• A stator in the third powerhouse at Grand Coulee.
  • The penstocks above the water at Hoover Dam
  • The top of Shasta Dam in California
  • An automated gate structure on a canal in Washington.
  • An aerial photo of the sunsetting at Ruedi Reservoir in Colorado.


Quagga and zebra mussels arrived in the United States from Europe in the 1980s and spread to many eastern waterways, rivers and lakes. Quagga mussels were discovered in Lake Mead, Lake Mojave, and Lake Havasu on the Colorado River in January 2007. Zebra mussels were confirmed to be present in San Justo Reservoir in California in January 2008.

These mussels spread in numerous ways, mainly by floating in the currents of the water body or by "hitching" a ride on a boat or other water vessels that are used in infested water and then transported to another water body.

Knowledge and experience in the eastern United States indicates that once introduced, the mussels are almost impossible to eradicate in water bodies and facilities comparable to Reclamation facilities. 

A key observation of quagga and zebra mussels in the western states is not all contemporary measures can be applied to other facilities; one size does not fit all. The observations show that mussels react differently at different facilities because of water temperature, chemistry content differences, and a host of other unknown factors.

Spread of these mussels will cause significant impacts and damage to operation and maintenance of water storage, water delivery and hydropower structures and systems; recreational use; and aquatic ecosystems.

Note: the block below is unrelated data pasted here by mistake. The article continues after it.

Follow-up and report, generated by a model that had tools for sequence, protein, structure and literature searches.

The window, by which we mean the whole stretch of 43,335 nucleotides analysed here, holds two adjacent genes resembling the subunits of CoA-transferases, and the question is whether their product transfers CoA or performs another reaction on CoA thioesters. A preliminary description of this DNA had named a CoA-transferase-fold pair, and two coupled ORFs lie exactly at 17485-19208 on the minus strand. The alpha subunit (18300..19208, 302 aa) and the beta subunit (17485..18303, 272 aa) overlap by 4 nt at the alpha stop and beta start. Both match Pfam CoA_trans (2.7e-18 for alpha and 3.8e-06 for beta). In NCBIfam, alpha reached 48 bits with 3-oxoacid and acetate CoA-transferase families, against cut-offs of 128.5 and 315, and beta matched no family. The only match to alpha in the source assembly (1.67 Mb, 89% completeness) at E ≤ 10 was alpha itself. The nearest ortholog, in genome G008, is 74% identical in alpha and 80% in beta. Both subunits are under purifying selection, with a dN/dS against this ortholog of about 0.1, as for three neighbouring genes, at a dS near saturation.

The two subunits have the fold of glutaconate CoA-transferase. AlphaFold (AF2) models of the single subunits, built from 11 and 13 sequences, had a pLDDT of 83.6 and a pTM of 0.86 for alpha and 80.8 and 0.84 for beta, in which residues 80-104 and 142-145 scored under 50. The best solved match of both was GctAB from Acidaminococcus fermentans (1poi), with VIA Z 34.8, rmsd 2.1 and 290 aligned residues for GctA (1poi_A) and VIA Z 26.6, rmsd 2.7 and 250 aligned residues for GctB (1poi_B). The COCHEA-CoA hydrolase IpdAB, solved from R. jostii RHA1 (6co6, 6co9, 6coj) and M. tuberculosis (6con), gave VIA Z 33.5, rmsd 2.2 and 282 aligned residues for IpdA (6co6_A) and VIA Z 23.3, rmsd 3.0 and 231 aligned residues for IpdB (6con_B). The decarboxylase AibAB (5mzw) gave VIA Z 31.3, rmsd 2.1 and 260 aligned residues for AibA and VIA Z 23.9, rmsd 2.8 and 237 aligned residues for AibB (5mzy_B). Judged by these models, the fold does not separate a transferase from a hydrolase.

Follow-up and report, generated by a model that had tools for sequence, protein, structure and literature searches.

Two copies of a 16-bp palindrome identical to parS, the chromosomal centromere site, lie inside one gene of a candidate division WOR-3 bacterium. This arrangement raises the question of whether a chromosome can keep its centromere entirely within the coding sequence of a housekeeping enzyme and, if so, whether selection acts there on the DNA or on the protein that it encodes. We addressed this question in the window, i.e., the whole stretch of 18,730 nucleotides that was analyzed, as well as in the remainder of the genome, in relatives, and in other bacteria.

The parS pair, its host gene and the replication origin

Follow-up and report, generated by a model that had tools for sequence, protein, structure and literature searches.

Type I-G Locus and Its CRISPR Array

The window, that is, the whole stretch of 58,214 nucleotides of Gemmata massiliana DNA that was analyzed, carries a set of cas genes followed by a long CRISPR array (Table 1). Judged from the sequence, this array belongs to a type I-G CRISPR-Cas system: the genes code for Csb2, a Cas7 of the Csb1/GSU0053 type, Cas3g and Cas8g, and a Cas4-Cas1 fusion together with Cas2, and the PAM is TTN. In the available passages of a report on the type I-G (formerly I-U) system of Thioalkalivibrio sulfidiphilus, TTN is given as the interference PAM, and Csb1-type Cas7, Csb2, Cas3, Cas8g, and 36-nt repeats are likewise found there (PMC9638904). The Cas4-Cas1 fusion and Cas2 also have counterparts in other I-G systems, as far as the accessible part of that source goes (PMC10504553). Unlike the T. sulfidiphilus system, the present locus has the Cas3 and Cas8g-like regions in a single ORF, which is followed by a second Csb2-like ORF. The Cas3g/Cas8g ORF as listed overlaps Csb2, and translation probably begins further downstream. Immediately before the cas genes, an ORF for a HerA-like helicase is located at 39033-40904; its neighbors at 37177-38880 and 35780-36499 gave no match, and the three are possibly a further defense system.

Reclamation is concentrating on proactive measures to help reduce the post-introduction spread and impacts of the mussels to Reclamation facilities and structures, thereby lessening the need for time-consuming and most costly measures of eradication.

Early Detection

In 2009, in order to stay ahead of mussel infestations and to help guide preventative and mitigation measures, Reclamation began a monitoring and detection program for many of its reservoirs determined most at risk of mussel exposure and infestation.  The aim is to detect the earliest stages of mussel exposure or infestation at Reclamation reservoirs, so that response planning and budgeting for protective measures can be initiated. Potentially several years may be available for response actions to be taken prior to full infestation of facilities after microscopic mussel larvae are detected early in a reservoir. Early actions may also be taken to prevent the spread of mussels to other water bodies.

Reclamation, in partnership with western states and other agencies, is monitoring more than 200 water bodies, including approximately 160 Reclamation reservoirs.  Reclamation regional and area offices have selected target reservoirs based on:

  • The potential for a mussel infestation to complicate, impair, or significantly increase the cost to provide critical Reclamation mission activities.
  • The annual number of boats and other crafts or equipment that are moved into this reservoir from other locations.

Monthly water samples from each water body are subjected to multiple tests to determine whether microscopic mussel larvae are present.  This testing includes:

  • Cross-polarized light microscopy, to highlight microscopic mussel shells.
  • Scanning Electron Microscopy, to provide very high magnification images for taxonomic identification.
  • Polymerase Chain Reaction and gene sequencing tests, to confirm the presence of mussel DNA

Learn more about Quagga and Zebra Mussels and how Reclamation addressing their presence in the West.

Updated: July 2, 2013